Any working poet writes two or three indisputably great poems a year. If they slip and slide like I did these past two years, that number drops to one or two. If they don't write, they shouldn't be competing at NPS. I consider myself on the prolific side and do not hold poets to my quantity standard (and again, I'm a nobody). But if we're going to have iWPS, WOWPS and NPS, plus regionals and local slams, how can anyone argue against continuing to write, edit, rehearse and perform new work?

This is why I'm for no-repeat. Yes, let the poets use their current/recent/whatever poems throughout an iWPS/WOWPS/NPS cycle, which means I could understand hearing a poet doing the same solo piece at all three PSi events in a (few) given year(s), but please don't tell me someone who writes to such a high standard cannot produce enough work to get through a tournament.

In September, the tennis U.S. Open begins. To win the tournament, you have to win seven (7!) matches. Andy Roddick cannot beat Roger Federer. Suppose Roddick makes it to the finals against Federer. Do you think it would be fair for him to say, 'Hey, remember how I trounced that dude in the second round? I'd like to apply that performance to the finals. Now give me the trophy. Thank you.' Tiger Woods was defeated in the (fourth and) final round of the PGA Championship last week because he missed a bunch of putts. What if he could recall his first-round performance and be declared the winner?

In poetry slam, we rarely have to contend with weather (although this year, Austin Neo Soul did a bang-up job by not missing a beat when the lights went out at 10@2 during their heart-wrenching group piece about Army wives - I'm still in awe), but we do have four rounds of competition. Asking teams to prepare for three (or 3 1/2) rounds instead of all four is like putting training wheels on Lance Armstrong's bike. Why?

Sorry for all the sports analogies.




Steve

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Re: no repeat rule
« Reply #48 on: August 19, 2009, 10:50:33 AM »
Not being contentious, only thorough:
Simone said,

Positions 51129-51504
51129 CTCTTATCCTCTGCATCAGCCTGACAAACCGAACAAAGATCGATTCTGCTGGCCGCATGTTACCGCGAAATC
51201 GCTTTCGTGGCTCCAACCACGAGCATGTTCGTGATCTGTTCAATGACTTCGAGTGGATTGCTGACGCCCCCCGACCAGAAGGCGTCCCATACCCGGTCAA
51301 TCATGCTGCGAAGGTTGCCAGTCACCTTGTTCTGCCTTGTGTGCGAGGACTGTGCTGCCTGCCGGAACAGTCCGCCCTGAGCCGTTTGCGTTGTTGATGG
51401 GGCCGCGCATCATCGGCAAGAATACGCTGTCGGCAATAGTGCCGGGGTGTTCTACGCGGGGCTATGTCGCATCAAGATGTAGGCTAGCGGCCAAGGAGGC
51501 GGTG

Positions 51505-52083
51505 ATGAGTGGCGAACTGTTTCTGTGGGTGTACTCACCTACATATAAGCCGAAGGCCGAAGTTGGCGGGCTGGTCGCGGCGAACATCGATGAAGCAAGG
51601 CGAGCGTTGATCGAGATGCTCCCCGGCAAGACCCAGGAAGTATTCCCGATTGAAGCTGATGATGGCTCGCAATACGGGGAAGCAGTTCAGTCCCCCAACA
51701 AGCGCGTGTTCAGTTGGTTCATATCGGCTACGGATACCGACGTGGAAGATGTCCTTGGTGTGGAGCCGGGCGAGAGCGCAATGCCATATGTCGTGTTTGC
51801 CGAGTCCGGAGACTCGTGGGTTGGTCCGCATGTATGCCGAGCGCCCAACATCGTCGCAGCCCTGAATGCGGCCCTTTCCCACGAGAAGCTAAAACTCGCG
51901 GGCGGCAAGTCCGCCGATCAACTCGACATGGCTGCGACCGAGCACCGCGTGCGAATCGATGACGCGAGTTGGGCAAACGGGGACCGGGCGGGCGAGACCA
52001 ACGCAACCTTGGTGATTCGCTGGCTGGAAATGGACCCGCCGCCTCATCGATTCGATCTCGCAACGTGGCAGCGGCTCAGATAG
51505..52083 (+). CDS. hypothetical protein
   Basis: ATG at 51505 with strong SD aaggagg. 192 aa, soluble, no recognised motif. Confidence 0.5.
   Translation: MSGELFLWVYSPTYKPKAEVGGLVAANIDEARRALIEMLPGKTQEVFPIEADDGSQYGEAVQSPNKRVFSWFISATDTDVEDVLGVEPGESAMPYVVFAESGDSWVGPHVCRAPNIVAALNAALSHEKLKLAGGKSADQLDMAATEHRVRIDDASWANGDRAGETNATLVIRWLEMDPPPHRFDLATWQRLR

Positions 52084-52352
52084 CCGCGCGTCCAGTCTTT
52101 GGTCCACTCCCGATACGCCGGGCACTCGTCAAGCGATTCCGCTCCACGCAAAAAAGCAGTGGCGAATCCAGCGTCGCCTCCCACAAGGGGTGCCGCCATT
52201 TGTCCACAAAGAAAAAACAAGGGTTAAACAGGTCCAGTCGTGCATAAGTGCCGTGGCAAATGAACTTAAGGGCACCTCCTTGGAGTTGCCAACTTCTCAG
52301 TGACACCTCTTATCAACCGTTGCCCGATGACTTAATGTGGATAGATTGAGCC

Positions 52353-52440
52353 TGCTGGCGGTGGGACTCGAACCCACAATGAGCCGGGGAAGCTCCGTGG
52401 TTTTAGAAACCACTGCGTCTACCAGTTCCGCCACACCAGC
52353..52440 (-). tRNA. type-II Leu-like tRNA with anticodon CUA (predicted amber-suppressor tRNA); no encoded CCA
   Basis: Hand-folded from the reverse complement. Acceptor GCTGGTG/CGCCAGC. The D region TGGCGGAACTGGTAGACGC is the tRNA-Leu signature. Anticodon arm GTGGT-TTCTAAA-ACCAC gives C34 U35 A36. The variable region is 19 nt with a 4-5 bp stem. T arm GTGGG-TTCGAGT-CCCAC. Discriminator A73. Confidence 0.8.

Quote
Steve, I think we all agree that our system does not reward "best" poems or performances. It rewards poems liked best by a random set of bar patrons.

Define "best" how you will. That is still the intent of the game, isn't it? "Poems liked best by a random set of bar patrons" is still a definition of "best." In fact, some of our judges come from all over the country to sit in that bar to be a judge. They are not random at all. We pick them to meet certain demographic ideals. Again, not random. In this instance, "poems liked best" are as much the "best poems" as the Olympics determine the best gymnasts or divers or flag floppers on the dance floor. As much as the national cheerleading championships define the "best cheerleaders."

It's the way we play the game and the intent is to find the "best poems" inside the parameters of our rules and our mission. Might think of this as part of a semantic game, but I think it is a distinction with a difference. We know the judges can end up not picking our favorites. But we make them the judges anyway.

bobdapoet

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Re: no repeat rule
« Reply #49 on: August 19, 2009, 11:04:16 AM »
So, what do the members of the audience that are not on a team think?

TSPrunier

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Re: no repeat rule
« Reply #50 on: August 19, 2009, 11:33:06 AM »
In fact, some of our judges come from all over the country to sit in that bar to be a judge. They are not random at all. We pick them to meet certain demographic ideals. Again, not random.

Umm, while that's not necessarily in scope of this thread, it does warrant a response. I find that disturbing, perhaps in the way it was phrased. One way to take it is that 'People come from all over the country to see the National Poetry Poetry Slam and understand they might be picked to be a judge'; another is 'People from cities with certified PSi venues come to be judges at NPS.' And there are more than two ways to take that, many of them bad. Slippery slope and going to drive me to launch another thread suggesting a pool of qualified judges (coming soon to a forum near you).

Back on topic:
In this instance, "poems liked best" are as much the "best poems" as the Olympics determine the best gymnasts or divers or flag floppers on the dance floor. As much as the national cheerleading championships define the "best cheerleaders."

It's the way we play the game and the intent is to find the "best poems" inside the parameters of our rules and our mission. Might think of this as part of a semantic game, but I think it is a distinction with a difference. We know the judges can end up not picking our favorites. But we make them the judges anyway.

I just contrasted NPS (and all slams) with competitions like gymnastics, cheerleading and flag-twirling (drill team?) in my post above, as those are competitions judged by qualified judges. Okay, I used tennis, golf and cycling, which rely on empirical evidence and no subjective appeal, but still.